Should such monitoring be undertaken at home? Usually, the answer is no, but that may depend on the individual situation, especially how often monitoring is needed and whether there is some difficulty in the patient's visiting the doctor's office or other facility where the monitoring normally takes place. Cost may also be a factor (the monitors are not inexpensive), as may insurance coverage. Medicare, for instance, will provide compensation only under very specific conditions (see details at http://www.hgsa.com/newsroom/news05062002.shtml); other carriers doubtless have coverage criteria, as well. You should discuss the question with your own physician. 
    Back to top.

    *Many people have problems with such machines giving accurate INR readouts. This could potentially be life threatening. Please be aware of these risks when researching & using these machines. Many of these machines have disclaimers about these risk factors, please be sure to read all manufacturer disclaimers prior to using/buying one of these machines.*

  4. How long do I need to take Warfarin? 
    Since APS does not go away, you will need to take some sort of anticoagulation for the rest of your life. Back to top.

  5. Can I eat Vitamin K rich foods? 
    Yes, but consistency is the key.  Some general nutrition dietary guidelines are: 1) Maintain the same diet, eat the same types of foods you ate regularly unless otherwise instructed.  2) Consult your doctor regarding any diet changes.  3) Avoid "binge" and crash diets.  4) Consult your doctor before taking any vitamins, mineral supplements or new medications.  5) An excess of foods high in vitamin K could have an affect on your anticoagulation: Limit to 1 serving per day (1 cup raw or ½ cup cooked): Spinach, Turnip greens, Cucumber peel, Broccoli, Brussels sprouts, Green scallion, Cabbage, Mustard greens.  Avoid eating parsley, kale, seaweed, and green tea.  Back to top.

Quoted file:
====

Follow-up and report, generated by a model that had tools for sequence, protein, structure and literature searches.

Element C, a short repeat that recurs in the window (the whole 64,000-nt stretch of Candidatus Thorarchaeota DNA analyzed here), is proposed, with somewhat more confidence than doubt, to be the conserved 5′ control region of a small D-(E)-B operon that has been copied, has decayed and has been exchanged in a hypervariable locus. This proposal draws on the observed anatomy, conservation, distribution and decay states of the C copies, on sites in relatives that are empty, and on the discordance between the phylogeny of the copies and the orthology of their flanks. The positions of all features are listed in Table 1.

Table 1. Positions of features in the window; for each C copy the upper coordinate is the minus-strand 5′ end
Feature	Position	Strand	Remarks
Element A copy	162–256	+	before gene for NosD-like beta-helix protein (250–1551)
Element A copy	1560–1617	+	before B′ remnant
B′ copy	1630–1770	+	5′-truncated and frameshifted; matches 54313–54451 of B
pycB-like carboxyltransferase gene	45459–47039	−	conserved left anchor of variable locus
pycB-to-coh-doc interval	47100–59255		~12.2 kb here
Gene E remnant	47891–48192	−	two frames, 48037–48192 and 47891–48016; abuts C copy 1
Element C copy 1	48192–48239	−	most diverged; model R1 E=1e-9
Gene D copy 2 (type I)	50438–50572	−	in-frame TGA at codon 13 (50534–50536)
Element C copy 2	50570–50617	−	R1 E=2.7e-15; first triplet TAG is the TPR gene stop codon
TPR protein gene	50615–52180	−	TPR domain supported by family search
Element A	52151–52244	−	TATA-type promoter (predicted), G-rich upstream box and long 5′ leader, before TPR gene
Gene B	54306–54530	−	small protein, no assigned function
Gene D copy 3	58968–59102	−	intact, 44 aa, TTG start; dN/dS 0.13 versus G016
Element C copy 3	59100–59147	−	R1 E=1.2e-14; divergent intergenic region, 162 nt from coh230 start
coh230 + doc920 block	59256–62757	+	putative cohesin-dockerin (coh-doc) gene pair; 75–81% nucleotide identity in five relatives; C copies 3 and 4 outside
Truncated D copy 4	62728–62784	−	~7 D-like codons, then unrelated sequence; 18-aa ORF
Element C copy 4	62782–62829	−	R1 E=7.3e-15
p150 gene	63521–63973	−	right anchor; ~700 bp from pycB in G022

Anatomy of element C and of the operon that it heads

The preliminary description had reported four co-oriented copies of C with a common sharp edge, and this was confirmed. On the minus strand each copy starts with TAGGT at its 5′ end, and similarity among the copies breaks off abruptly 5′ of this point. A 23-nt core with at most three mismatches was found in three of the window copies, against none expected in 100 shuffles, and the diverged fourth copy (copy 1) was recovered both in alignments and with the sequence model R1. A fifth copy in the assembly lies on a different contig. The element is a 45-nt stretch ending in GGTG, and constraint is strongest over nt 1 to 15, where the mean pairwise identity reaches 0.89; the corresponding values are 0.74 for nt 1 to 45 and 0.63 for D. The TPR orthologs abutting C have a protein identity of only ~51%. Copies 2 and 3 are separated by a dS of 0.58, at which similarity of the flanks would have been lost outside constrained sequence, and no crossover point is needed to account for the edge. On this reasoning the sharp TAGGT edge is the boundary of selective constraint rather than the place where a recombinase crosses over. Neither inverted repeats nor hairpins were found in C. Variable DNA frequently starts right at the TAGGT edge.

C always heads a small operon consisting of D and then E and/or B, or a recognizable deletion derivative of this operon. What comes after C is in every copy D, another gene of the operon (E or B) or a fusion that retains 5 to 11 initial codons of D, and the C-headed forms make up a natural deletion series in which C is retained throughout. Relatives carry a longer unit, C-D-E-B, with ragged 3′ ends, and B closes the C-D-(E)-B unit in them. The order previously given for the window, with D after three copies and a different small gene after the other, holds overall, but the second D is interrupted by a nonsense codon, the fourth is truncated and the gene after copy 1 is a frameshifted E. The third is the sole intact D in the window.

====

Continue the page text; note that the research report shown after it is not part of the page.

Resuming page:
6. What lifestyle changes must be made to accommodate Antiphospholipid Antibody Syndrome?
    For asymptomatic individuals who have antiphospholipid antibodies, some doctors recommend aspirin therapy, but, generally, no major lifestyle changes are necessary. For patients who have the antiphospholipid syndrome and have had a blood clot, treatment consists of anticoagulant therapy ("blood thinners"). Anticoagulant therapy with warfarin (most commonly, Coumadin® ) does require attention to one's diet (for a stable intake of vitamin K) and regular blood checks to monitor the medicine. Other recommendations for patients on warfarin therapy would be the same as for any individual who needs to take warfarin. Patients with problems with recurrent miscarriages may need to take a different type of blood thinner (a low molecular weight heparin, such as enoxaparin or dalteparin) during subsequent pregnancies. Lastly, patients with antiphospholipid antibodies should try to minimize any other blood clot risk factors (for example, not smoking, or not taking oral contraceptives or hormone replacement therapy).